Mr.Fishy Apr 17, 2013 @ 2:49am 
Originally posted by UbuntuIsFriendly:
Originally posted by Mr. Fishy:
Yeah this is one of my own faults as well. I don't know game design that well. A lot of times I take board games and turn them into computer games. Which means a lot of the time I have to deal with networking. Save optimization for networking. Always.
I've never had to deal with networking but that sounds like great advice. I will remember that. Thanks.
Well it sounds like you are getting more into SFML a basic SFML game I wrote is on github at https://github.com/MJBrune/diggy

If you are going to get started on SFML I recommend a nightly pre-compiled build http://sfml.my-gate.net/nightly/ as sfml 2.0 RC is about a year old and sfml 2.0 is about to fully release within the month. This way if you want to shift over to the newest full release then it won't be too painful but you could still use the RC if you would like. (don't use 1.6 whatever you do.)

Also some documentation to help you out:

A basic game engine is a great outline for what you want a simple read of it while on the bus really helpped me a lot https://github.com/LaurentGomila/SFML/wiki/Tutorial%3A-Basic-Game-Engine

Also http://www.sfml-dev.org/documentation/2.0/ the official sfml 2.0 documentation for reference.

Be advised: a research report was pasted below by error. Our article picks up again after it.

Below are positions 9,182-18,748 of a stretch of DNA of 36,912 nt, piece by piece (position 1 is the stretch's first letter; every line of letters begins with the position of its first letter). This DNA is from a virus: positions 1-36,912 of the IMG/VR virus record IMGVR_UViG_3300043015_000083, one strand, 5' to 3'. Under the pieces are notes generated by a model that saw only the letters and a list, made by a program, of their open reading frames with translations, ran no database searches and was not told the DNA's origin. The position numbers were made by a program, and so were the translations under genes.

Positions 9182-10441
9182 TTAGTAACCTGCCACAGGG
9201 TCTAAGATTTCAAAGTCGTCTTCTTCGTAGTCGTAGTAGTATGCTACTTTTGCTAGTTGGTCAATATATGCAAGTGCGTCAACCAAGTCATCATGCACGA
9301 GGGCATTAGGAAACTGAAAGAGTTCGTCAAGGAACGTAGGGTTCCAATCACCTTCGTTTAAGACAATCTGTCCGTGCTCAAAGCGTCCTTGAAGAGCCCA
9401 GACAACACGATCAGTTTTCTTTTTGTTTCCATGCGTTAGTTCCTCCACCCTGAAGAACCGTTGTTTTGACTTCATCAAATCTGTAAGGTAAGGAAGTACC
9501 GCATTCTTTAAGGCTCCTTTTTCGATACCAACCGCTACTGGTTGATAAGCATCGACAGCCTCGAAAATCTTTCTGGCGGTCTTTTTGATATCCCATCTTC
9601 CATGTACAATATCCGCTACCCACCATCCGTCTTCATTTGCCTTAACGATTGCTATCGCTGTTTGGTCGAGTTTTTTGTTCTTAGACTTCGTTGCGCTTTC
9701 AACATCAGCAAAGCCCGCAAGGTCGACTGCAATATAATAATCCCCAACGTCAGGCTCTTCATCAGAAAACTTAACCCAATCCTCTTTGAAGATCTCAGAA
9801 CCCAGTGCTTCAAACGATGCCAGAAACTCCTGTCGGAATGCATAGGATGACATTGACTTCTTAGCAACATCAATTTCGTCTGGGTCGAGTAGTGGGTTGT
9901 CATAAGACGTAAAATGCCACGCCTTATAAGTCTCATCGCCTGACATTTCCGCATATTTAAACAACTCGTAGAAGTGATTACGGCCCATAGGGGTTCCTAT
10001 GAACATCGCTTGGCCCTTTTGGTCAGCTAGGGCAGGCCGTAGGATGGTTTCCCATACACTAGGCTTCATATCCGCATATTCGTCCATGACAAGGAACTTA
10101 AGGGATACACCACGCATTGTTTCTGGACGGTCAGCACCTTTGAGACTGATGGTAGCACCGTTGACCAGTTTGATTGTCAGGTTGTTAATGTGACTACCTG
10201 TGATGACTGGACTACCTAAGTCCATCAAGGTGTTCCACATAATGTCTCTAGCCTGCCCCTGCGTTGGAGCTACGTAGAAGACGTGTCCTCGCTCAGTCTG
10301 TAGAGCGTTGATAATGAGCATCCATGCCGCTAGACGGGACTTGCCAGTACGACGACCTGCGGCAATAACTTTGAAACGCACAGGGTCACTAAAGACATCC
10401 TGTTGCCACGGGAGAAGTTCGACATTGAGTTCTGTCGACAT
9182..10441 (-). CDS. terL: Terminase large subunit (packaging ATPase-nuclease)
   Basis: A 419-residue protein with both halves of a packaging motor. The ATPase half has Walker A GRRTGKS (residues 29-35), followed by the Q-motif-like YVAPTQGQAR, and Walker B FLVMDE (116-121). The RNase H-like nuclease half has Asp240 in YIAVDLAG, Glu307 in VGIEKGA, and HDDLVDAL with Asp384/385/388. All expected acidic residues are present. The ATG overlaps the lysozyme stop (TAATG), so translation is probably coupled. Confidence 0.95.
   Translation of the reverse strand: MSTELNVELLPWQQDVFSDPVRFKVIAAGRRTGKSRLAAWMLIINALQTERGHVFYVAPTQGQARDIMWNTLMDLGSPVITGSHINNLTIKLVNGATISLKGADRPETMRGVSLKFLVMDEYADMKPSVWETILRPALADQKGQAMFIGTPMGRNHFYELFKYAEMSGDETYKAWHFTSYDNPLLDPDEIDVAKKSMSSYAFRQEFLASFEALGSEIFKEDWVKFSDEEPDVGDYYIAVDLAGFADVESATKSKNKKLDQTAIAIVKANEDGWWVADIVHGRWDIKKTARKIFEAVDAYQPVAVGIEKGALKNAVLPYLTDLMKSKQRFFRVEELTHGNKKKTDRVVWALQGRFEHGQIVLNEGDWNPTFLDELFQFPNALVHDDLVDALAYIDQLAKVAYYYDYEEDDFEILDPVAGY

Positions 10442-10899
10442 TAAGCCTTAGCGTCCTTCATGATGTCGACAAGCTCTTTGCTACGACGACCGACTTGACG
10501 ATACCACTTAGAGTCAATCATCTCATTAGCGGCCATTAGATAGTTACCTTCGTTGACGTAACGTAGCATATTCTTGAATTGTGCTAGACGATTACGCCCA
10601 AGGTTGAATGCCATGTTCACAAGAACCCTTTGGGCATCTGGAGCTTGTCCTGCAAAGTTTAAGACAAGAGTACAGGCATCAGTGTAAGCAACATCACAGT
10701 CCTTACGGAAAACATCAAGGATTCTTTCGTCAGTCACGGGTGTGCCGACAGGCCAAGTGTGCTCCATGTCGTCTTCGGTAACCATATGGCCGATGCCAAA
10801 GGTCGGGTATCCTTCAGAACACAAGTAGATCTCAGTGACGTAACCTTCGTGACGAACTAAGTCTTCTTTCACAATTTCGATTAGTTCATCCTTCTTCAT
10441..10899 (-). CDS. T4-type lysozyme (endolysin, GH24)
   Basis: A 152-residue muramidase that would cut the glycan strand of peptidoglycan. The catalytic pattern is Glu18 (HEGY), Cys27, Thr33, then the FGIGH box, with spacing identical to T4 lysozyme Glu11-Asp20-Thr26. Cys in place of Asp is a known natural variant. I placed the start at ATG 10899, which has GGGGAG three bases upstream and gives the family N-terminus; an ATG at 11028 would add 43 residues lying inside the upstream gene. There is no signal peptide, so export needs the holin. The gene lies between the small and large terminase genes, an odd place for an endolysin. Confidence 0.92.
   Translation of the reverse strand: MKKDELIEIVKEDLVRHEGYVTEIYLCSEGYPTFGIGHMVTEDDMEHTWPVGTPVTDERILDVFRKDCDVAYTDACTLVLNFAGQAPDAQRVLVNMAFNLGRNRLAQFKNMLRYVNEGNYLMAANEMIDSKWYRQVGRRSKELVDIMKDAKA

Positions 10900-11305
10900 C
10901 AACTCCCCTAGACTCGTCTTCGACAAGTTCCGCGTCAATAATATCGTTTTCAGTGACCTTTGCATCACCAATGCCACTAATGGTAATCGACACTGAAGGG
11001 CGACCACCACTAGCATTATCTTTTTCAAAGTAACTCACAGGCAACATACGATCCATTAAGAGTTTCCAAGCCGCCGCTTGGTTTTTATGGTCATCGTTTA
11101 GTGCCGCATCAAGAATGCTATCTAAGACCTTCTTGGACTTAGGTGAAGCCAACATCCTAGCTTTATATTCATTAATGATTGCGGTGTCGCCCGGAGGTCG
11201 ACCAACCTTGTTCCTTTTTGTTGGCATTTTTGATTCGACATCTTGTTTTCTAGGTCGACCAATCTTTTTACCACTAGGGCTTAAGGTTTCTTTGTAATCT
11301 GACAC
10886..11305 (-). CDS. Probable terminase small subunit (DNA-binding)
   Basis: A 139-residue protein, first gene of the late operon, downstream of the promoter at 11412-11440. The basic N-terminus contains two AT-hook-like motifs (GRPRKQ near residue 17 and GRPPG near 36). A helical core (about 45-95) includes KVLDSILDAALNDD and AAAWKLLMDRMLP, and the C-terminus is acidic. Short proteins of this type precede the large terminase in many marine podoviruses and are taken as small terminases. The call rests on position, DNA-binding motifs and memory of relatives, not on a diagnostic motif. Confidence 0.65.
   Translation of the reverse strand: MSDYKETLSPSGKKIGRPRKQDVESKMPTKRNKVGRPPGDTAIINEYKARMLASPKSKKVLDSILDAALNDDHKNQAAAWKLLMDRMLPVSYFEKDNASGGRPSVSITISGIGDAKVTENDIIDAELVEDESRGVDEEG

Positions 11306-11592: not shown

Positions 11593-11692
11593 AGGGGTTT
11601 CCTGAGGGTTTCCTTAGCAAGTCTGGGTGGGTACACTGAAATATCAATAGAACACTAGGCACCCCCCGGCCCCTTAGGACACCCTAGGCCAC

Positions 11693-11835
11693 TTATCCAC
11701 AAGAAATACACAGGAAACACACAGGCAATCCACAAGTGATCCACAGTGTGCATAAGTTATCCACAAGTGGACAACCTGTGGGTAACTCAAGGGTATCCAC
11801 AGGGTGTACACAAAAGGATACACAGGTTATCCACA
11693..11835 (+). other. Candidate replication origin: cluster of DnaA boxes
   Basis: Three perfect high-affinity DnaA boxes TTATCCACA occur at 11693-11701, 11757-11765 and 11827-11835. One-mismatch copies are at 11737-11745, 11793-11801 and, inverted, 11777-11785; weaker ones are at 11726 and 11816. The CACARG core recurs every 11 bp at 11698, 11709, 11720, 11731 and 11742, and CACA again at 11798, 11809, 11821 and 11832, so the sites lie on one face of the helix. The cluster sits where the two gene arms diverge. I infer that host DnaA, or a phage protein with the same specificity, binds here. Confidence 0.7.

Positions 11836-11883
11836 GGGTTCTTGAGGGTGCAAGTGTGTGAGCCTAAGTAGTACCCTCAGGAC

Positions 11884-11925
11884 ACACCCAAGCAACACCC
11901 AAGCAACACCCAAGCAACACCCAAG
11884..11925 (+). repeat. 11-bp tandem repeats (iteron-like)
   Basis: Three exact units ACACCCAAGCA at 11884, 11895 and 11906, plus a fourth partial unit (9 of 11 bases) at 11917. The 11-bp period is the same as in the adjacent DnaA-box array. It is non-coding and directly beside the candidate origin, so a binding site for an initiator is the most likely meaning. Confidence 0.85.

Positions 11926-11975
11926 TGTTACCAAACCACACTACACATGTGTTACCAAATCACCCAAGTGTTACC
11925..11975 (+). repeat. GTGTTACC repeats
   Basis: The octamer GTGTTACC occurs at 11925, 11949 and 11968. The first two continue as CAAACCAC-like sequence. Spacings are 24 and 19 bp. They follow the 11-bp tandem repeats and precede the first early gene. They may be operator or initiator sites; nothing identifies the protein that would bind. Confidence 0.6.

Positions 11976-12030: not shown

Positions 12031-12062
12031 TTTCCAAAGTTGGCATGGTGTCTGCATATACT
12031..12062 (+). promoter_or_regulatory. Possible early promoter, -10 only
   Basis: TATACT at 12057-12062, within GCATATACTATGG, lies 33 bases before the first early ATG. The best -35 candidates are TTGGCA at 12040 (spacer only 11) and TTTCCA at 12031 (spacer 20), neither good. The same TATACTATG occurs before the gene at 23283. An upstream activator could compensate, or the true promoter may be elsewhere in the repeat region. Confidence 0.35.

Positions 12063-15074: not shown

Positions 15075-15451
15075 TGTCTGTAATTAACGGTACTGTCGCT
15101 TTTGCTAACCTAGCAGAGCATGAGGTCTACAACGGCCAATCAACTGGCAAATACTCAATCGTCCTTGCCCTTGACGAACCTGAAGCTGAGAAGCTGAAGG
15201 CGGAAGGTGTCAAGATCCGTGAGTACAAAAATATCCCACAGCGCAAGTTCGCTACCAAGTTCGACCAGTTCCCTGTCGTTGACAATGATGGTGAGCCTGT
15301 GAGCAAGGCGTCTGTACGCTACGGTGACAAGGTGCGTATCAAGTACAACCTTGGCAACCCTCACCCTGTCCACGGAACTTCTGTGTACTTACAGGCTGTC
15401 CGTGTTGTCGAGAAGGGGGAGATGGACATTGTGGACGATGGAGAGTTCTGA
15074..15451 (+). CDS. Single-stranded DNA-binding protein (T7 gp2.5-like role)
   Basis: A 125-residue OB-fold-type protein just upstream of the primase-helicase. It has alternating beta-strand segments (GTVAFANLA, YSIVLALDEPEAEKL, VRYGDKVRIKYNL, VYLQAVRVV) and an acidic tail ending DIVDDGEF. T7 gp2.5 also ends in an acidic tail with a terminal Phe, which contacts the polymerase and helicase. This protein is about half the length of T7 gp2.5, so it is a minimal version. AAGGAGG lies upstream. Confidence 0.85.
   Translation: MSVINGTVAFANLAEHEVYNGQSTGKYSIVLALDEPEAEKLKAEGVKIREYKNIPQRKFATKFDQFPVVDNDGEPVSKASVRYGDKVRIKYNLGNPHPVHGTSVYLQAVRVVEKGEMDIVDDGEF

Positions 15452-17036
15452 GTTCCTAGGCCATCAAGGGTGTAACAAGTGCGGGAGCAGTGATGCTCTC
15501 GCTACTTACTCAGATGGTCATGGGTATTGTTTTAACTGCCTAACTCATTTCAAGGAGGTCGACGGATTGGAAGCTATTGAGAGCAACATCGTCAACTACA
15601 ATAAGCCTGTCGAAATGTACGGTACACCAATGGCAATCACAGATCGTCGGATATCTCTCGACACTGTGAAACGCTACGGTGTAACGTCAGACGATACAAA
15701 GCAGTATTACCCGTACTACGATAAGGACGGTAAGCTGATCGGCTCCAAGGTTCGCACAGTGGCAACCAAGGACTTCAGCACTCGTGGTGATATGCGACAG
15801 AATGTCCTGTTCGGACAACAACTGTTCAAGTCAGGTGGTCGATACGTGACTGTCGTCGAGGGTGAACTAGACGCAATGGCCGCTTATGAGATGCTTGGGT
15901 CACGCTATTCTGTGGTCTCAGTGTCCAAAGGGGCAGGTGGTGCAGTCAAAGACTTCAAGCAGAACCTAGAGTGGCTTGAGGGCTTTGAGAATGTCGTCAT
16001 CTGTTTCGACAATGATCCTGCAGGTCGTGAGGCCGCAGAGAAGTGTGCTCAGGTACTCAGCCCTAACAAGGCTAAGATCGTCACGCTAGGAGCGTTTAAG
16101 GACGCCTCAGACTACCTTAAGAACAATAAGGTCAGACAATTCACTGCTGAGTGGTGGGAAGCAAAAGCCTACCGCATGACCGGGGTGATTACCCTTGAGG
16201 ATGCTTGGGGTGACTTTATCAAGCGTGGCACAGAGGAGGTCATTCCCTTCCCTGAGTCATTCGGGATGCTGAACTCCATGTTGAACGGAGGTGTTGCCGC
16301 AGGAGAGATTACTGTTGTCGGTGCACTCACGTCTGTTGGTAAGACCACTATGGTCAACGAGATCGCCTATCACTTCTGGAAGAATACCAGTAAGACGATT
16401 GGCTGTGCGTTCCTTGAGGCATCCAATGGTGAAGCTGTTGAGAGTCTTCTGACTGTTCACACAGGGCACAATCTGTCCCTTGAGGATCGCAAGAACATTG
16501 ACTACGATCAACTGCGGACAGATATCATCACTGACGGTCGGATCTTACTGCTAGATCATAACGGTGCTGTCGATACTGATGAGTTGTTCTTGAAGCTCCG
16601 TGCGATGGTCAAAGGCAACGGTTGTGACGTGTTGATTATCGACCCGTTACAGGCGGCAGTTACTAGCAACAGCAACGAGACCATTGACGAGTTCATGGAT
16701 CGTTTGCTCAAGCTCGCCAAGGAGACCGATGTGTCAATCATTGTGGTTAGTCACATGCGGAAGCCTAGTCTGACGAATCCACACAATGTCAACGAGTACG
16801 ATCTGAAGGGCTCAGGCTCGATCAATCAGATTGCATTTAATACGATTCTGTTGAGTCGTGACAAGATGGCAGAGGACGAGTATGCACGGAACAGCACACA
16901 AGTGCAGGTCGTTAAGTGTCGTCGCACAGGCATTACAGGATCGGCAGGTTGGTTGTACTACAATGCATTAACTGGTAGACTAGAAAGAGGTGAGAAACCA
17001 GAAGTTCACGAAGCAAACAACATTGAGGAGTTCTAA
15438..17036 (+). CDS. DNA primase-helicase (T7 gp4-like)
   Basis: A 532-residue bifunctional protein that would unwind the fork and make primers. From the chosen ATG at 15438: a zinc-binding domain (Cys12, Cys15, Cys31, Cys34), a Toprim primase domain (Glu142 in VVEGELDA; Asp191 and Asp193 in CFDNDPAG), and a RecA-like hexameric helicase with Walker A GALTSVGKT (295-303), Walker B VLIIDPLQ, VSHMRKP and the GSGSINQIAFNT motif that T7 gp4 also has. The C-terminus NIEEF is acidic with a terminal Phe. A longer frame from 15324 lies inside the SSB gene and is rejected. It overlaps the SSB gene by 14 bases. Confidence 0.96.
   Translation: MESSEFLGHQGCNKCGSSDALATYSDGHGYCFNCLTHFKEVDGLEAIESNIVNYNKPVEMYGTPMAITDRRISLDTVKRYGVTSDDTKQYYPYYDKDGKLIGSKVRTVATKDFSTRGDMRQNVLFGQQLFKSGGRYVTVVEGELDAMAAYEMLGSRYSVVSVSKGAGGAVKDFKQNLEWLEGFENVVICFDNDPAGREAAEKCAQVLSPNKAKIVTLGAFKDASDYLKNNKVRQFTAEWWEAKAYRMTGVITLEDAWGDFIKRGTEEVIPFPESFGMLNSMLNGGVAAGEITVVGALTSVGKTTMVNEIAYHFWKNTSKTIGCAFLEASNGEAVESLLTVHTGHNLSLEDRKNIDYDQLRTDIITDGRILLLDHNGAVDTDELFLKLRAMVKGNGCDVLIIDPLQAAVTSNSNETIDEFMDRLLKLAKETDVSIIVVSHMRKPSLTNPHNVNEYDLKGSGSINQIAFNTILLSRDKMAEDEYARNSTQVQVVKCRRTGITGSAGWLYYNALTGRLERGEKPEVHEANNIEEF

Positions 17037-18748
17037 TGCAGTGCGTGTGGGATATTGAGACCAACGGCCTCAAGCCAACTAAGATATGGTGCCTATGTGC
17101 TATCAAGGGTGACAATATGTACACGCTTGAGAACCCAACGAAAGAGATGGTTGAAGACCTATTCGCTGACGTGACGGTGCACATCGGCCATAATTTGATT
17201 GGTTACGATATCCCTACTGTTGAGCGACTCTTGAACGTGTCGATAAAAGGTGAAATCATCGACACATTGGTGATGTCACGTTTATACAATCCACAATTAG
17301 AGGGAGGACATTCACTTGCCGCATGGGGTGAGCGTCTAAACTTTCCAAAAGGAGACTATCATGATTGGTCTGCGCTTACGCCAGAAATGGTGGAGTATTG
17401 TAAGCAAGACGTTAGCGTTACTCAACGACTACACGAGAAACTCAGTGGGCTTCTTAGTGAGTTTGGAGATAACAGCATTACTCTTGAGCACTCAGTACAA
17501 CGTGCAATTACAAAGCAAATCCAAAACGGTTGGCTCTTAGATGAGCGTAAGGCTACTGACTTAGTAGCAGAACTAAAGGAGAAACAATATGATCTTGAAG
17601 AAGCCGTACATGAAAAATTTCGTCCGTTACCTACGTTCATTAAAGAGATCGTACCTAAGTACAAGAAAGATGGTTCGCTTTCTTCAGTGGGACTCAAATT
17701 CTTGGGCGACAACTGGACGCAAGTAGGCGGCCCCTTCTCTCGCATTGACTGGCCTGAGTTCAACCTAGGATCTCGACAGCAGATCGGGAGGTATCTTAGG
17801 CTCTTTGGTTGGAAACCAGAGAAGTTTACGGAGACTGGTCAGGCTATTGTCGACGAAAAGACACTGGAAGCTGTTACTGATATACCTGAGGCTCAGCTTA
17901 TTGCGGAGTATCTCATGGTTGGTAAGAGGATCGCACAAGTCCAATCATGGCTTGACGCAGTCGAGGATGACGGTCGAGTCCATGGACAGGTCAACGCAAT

Let me know if you have any questions.
danly Apr 17, 2013 @ 10:36am 
Originally posted by Mr. Fishy:
Although I am currently on Windows I am planning for the future and trying to only buy Linux titles.

+1

This is the strategy I've undertaken. With over a thousand games purchased legitimately I needed an arbitrary metric by which I could limit the in-flow and thus focus closely on enjoying those which I already own.

This had the fantastic side-effect that I've begun gaming a whole lot more, by virtue of installing Steam on my laptops (which only run Linux)! So much enjoyment has been had in SPAZ and others... I had no idea what I was neglecting.
danly Apr 17, 2013 @ 10:40am 
Originally posted by Mr. Fishy:
Yes, a lot of adobe products are not supported on linux. I always recommend things like SFML or even unity3D over flash or air

I prefer Allegro, which has improved immensely since it underwent a total rewrite for the 5.0 release.

Unlike SFML it's pure C, making it a dream to bind with other languages, and unlike SDL2 it provides just a wee bit higher level functionality that let's you get to making content faster. It provides this without sacrificing functionality, at any point you can gain access to the low-level data and manipulate it as you would without utilizing Allegro.

Sweet bliss.

Oh, and I'm biased, having first written games with it back when I was still writing code in DOS Edit and building with DJGPP. ;)